Study finds investing in early child care would generate hundreds of thousands of jobs in Turkey

Study finds investments in early child care and pre-school education could create more than 700,000 jobs in Turkey, improve gender equality in the labour market and alleviate poverty through dual-earner households.

Date: Friday, September 18, 2015

Photo: Ingibjorg Gisladottir, UN Women Regional Director for Europe and Central Asia and Representative to Turkey, speaks at the launch of the report. UNDP/Nazife Ece

Prioritizing State spending to expand Turkey’s social care service infrastructure would create hundreds of thousands of new jobs, improve gender equality in the labour market and reduce poverty through dual earner households, according to a landmark study prepared by Istanbul Technical University Women’s Studies Centre and the Levy Economics Institute of Bard College, in partnership with ILO, UNDP and UN Women.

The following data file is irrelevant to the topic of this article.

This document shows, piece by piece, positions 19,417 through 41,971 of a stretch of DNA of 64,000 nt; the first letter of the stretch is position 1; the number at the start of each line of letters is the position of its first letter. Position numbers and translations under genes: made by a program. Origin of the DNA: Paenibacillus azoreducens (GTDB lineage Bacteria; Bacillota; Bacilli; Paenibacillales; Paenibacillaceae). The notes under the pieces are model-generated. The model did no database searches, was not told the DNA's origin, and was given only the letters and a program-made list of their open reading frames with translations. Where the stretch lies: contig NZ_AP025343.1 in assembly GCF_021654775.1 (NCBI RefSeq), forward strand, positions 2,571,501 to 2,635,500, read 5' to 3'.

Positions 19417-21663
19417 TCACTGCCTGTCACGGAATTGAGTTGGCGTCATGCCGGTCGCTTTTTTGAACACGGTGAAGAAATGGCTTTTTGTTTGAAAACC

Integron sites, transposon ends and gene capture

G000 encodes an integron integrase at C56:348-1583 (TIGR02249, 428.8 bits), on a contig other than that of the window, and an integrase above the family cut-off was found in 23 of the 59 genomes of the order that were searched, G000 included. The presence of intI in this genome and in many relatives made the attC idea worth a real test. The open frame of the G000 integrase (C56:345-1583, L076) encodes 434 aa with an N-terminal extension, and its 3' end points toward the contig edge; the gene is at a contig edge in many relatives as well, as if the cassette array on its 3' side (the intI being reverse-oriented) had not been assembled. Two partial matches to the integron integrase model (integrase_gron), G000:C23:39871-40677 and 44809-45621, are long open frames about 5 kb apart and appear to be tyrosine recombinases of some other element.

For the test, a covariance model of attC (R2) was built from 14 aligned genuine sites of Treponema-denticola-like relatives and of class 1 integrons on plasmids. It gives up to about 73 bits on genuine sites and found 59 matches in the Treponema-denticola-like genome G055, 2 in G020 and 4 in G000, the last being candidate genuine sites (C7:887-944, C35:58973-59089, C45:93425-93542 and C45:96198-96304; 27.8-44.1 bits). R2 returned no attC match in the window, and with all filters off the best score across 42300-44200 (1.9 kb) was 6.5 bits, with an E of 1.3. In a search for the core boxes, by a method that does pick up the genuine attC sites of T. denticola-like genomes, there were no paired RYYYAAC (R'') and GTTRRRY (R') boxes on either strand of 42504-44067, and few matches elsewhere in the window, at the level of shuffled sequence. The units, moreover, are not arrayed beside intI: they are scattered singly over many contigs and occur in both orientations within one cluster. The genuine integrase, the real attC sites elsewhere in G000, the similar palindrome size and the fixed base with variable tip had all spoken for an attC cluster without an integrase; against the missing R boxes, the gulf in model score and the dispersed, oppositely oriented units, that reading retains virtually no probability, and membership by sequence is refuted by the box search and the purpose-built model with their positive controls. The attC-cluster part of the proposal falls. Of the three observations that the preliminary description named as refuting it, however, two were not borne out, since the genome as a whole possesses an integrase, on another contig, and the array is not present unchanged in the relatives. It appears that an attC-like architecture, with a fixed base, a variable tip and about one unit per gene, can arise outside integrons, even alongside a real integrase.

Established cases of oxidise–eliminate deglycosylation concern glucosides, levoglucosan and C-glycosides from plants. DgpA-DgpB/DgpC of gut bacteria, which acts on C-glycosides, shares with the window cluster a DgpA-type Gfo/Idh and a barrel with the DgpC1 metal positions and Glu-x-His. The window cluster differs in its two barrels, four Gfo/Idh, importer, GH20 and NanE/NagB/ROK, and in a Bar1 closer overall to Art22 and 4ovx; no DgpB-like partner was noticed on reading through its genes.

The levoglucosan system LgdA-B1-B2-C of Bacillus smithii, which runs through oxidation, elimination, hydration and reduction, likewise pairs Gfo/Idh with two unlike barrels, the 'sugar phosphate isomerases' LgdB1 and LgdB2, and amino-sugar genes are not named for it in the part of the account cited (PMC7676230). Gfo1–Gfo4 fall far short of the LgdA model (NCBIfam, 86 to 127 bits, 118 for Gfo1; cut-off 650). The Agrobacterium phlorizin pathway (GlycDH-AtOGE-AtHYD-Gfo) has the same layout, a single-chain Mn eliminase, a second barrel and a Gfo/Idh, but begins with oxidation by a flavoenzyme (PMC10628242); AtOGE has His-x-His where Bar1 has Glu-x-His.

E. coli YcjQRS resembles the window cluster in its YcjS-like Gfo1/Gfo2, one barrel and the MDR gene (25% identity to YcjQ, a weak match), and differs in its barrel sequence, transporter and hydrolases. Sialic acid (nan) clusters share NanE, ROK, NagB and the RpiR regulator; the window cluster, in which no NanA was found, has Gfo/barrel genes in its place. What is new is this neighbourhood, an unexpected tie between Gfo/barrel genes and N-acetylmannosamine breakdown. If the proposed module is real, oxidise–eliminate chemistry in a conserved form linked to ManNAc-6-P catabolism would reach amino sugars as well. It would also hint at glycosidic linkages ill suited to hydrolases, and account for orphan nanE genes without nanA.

Released today in Istanbul, the study entitled "The Impact of Public Investment in Social Care Services on Employment, Gender Equality and Poverty: The Turkish Case", makes a compelling case for greater public investment in social care services rather than similar expenditures in the construction sector.

The study estimates that spending an additional 20.7 billion TRY (USD 7 billion) on early child-care centres and pre-school education – the estimated amount in order for Turkey to catch up with the average OECD pre-school enrolment rate –would have a significant impact on Turkey’s economy by creating 719,000 new jobs for women and men. This is nearly 2,5 times more jobs than a similar amount would create in the construction sector.

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Read the full story on UN Women's Regional website for Europe and Central Asia